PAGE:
Visual Studio 2012 Cookbook

By Richard Banks
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  1. Discovering Visual Studio 2012

About this book

There’s a new technology wave coming, and for Microsoft this is reflected in Windows 8, HTML5 web development, .NET 4.5 and C++11. Riding that wave is a new version of their flagship development tool, Visual Studio 2012, and "Visual Studio 2012 Cookbook" has you putting the new features into practice from the get-go!

Among the exciting new features of Visual Studio 2012 is support for Windows 8, HTML5 and asynchronous development, as well as Team Foundation Server 2012 integration. “Visual Studio 2012 Cookbook” doesn’t waste time explaining what you already know from prior Visual Studio versions; instead you’ll see targeted and focused recipes on only new features so that you can get up to speed and back to work faster.

“Visual Studio 2012 Cookbook” empowers you to take advantage of all the new features in Visual Studio 2012 so that you can develop applications for the next technology wave.

The task-based recipes in this guide will have you up and running with improvements like support for Windows 8 development, HTML5 and JavaScript, .NET 4.5, asynchronous code and C++11.

And since most people don’t develop alone, you’ll also see how the new team development features of Visual Studio 2012 and Team Foundation Server 2012 can help your whole team work smarter, not harder.

Time is short and you’re in a hurry, so “Visual Studio 2012 Cookbook” will help you discover what’s new by way of a simple recipe format that is quick and easy to digest.

Publication date:
September 2012


Chapter 1. Discovering Visual Studio 2012

In this chapter, we will cover:

  • Creating a new project

  • Upgrading an existing solution

  • Managing editor windows

  • Finding Visual Studio commands

  • Navigating and searching

  • Searching your code

  • Using the graphics tools



When you open Visual Studio 2012 for the first time you're going to notice a few changes. We're going to start out by looking at some of the standard activities you will perform with Visual Studio in your normal development activities and in doing so discover a number of new and changed features in this powerful development tool.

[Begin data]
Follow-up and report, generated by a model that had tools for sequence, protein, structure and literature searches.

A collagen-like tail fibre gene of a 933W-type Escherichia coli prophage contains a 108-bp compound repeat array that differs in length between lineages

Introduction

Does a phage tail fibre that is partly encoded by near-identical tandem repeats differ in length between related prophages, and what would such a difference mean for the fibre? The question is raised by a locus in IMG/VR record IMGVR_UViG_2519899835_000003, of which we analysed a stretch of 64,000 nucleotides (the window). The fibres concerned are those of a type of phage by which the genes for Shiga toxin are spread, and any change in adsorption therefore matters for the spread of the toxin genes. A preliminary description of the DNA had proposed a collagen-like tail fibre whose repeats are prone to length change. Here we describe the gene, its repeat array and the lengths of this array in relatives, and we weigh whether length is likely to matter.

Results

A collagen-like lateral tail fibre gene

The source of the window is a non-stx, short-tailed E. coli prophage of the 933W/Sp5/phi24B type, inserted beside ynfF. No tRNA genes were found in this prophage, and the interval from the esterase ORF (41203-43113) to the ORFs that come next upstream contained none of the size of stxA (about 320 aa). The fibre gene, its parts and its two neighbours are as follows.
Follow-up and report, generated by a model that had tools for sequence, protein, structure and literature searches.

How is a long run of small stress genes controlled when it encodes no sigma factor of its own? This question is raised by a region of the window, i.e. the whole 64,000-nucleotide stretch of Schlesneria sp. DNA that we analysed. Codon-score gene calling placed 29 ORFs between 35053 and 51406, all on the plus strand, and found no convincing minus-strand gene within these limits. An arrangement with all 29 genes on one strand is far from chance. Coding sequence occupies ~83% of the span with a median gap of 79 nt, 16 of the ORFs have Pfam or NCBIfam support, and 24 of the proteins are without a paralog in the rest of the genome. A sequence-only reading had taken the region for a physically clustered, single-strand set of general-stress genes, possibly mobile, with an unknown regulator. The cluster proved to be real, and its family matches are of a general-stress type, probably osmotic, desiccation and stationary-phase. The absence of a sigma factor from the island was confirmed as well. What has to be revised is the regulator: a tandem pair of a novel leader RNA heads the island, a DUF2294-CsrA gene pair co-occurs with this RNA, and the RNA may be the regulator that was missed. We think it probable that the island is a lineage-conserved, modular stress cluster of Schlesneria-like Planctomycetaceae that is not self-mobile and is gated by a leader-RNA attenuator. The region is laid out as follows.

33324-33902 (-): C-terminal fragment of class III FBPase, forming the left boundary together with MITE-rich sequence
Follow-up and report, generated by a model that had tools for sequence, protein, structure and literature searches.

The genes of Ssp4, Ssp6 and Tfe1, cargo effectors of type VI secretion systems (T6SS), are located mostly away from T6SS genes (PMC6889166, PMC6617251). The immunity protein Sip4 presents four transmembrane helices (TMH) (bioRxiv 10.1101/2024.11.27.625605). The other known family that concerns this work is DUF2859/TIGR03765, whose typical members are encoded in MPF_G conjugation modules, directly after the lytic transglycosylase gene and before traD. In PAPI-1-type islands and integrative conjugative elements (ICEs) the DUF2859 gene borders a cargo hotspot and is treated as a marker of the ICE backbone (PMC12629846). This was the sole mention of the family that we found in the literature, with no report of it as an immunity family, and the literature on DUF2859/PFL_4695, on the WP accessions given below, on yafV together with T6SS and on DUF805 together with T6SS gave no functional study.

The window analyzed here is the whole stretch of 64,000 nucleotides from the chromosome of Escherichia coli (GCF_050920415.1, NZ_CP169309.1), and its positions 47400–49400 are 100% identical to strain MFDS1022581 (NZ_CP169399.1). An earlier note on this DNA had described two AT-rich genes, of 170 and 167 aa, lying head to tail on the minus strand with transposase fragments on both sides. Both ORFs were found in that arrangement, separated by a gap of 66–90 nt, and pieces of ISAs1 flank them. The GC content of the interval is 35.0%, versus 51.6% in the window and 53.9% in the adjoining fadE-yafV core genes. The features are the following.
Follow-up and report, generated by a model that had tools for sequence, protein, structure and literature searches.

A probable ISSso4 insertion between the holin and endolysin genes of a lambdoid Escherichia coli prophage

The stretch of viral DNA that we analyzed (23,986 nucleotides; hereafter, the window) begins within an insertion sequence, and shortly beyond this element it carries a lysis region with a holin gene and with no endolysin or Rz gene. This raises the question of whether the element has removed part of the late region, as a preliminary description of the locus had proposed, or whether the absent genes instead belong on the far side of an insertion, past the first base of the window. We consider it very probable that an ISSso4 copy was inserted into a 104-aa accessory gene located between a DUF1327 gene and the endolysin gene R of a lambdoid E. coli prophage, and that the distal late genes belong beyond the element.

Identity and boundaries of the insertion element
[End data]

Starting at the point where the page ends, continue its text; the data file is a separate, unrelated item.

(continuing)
These are tasks which are common to all developers regardless of the language they program in or the platform they are targeting.


Creating a new project

It might look the same as it did before, but there are a few changes when creating a new project. Let's create a new project and see what has changed.

Getting ready

Just make sure you have installed Visual Studio 2012 and you're all set to go.

How to do it...

  1. Start Visual Studio 2012.

  2. Choose the File | New Project menu option.

  3. Examine the list of project types that are available and choose one that is of interest to you. If you're not sure what to choose, select Visual C# | Class Library.

  4. Ensure that the project is targeting .NET Framework 4.5 as shown in the following screenshot:

  5. Enter a name of your choice for the project. If you feel lacking in creativity, take the default name and then click on OK.

  6. The project is now created and you are ready to start writing code.

How it works...

On its own the project creation process in Visual Studio works exactly as it did in previous versions of Visual Studio, with the only difference being that you can now target .NET Framework 4.5.

There's more...

If that's all there was to it, it would hardly be worth talking about, however there are larger differences to be seen in the project creation area. Let's talk about them.

New project types and your development operating system

It's here that you will notice the first major change from Visual Studio 2010 and where you will see differences between Visual Studio 2012 running on Windows 8 versus a prior version of Windows.